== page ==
Good to know: Saint Rose computer science team takes second place at CCSCNE contest

Success hinged on speed, accuracy and knowing what not to worry about

comp sci I

No sweat: The Saint Rose computing team – Whitney, Lovell and Jordan – figured out what not to worry about, along with correctly and quickly solving the tough problems to net a second place finish in the 2015 CCSCNE contest

At the annual Consortium for Computing Sciences in Colleges northeast regional competition, 30 teams were given three hours to solve six problems.

The first, titled the Sands of Time, asked for a program to determine how long it would take grains of sand to drop from the top beaker to the bottom beaker of an hourglass, using a measurement of grains to rate. Some teams lost an hour or so trying to pin down a solution.

“Our team figured it out in zero minutes,” explained James Teresco, associate professor of computer science at Saint Rose. “Part of the competition was ‘could they figure out that it’s only a three-line program, or will they make a big deal of it?”’

Based on their accuracy, speed and the ability to determine what was not worth spending time on, Saint Rose tied for second place in the recent regional competition held at College of Holy Cross in Worcester, Mass. The team, made up of juniors Scott Whitney and Rains Jordan, and senior Chris Lovell, netted a personal best for the College in the CCSCNE competition and also beat out many powerhouse teams that are accustomed to claiming the top spots.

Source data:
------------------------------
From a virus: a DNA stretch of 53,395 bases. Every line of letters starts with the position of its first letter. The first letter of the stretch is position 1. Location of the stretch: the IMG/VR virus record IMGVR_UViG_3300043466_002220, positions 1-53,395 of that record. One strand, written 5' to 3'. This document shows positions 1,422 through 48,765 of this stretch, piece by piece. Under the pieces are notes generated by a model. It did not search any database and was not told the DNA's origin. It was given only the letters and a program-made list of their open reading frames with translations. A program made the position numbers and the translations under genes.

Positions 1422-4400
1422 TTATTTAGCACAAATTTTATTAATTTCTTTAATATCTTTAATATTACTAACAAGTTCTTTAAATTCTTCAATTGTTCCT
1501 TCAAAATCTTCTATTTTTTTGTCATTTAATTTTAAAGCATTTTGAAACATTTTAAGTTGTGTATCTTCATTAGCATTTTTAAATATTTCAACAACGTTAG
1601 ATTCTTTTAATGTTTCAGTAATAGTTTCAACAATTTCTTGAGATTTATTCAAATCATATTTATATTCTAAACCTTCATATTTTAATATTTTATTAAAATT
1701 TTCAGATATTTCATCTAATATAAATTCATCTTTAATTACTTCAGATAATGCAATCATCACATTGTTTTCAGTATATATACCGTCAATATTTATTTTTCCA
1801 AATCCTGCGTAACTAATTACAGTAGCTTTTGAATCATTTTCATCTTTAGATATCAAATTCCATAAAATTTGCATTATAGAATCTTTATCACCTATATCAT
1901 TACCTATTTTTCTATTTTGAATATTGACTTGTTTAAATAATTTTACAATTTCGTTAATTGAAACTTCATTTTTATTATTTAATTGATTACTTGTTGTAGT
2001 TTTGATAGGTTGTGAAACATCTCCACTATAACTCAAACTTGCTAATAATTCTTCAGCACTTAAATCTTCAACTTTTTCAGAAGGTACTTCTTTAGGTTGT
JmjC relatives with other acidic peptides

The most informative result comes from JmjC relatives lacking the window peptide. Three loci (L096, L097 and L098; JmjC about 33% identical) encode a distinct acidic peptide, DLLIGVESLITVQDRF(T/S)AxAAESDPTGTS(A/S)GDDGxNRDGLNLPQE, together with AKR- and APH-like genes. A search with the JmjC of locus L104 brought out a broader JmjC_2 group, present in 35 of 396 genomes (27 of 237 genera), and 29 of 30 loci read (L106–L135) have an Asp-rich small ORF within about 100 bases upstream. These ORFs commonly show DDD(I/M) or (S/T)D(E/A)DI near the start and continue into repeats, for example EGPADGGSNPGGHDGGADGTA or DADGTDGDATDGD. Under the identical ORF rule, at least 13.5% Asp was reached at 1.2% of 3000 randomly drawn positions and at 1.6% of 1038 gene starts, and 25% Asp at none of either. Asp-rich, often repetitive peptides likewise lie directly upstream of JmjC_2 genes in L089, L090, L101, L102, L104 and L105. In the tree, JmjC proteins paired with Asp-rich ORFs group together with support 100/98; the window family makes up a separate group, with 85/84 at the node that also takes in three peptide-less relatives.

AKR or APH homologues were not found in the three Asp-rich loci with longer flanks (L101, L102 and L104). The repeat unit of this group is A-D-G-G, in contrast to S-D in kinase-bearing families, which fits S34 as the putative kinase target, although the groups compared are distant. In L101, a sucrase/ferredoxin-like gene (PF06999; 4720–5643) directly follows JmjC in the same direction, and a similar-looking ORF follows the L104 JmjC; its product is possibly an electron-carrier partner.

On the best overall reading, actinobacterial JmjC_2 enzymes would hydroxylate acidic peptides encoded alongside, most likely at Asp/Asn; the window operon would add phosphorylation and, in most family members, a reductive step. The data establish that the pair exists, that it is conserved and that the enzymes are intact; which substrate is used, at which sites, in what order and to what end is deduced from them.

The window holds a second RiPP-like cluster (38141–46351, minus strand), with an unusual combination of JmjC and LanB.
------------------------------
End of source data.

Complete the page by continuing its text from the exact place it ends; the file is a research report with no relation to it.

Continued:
“It’s not an easy thing,” said Teresco, who noted that no team mastered the final, most difficult, question. “You could have almost perfect solutions but be off. This shows that Saint Rose is right up there with the top schools.”

The impressive outcome not only reflects the strength of the College’s growing computer science program, but also the benefits of a new class in competitive programming.

In contrast to more traditional programming, competitive programming arms computer science students with tools to handle a flurry of problems quickly, as they would do on the job at a bank, or hospital or government agency.

“We treat the class as a game and it’s fun,” noted Teresco, who teaches the course, along with Assistant Professor Mark Gilder. “But it is designed to test skills that are important to use in the real world.

 

What do you think?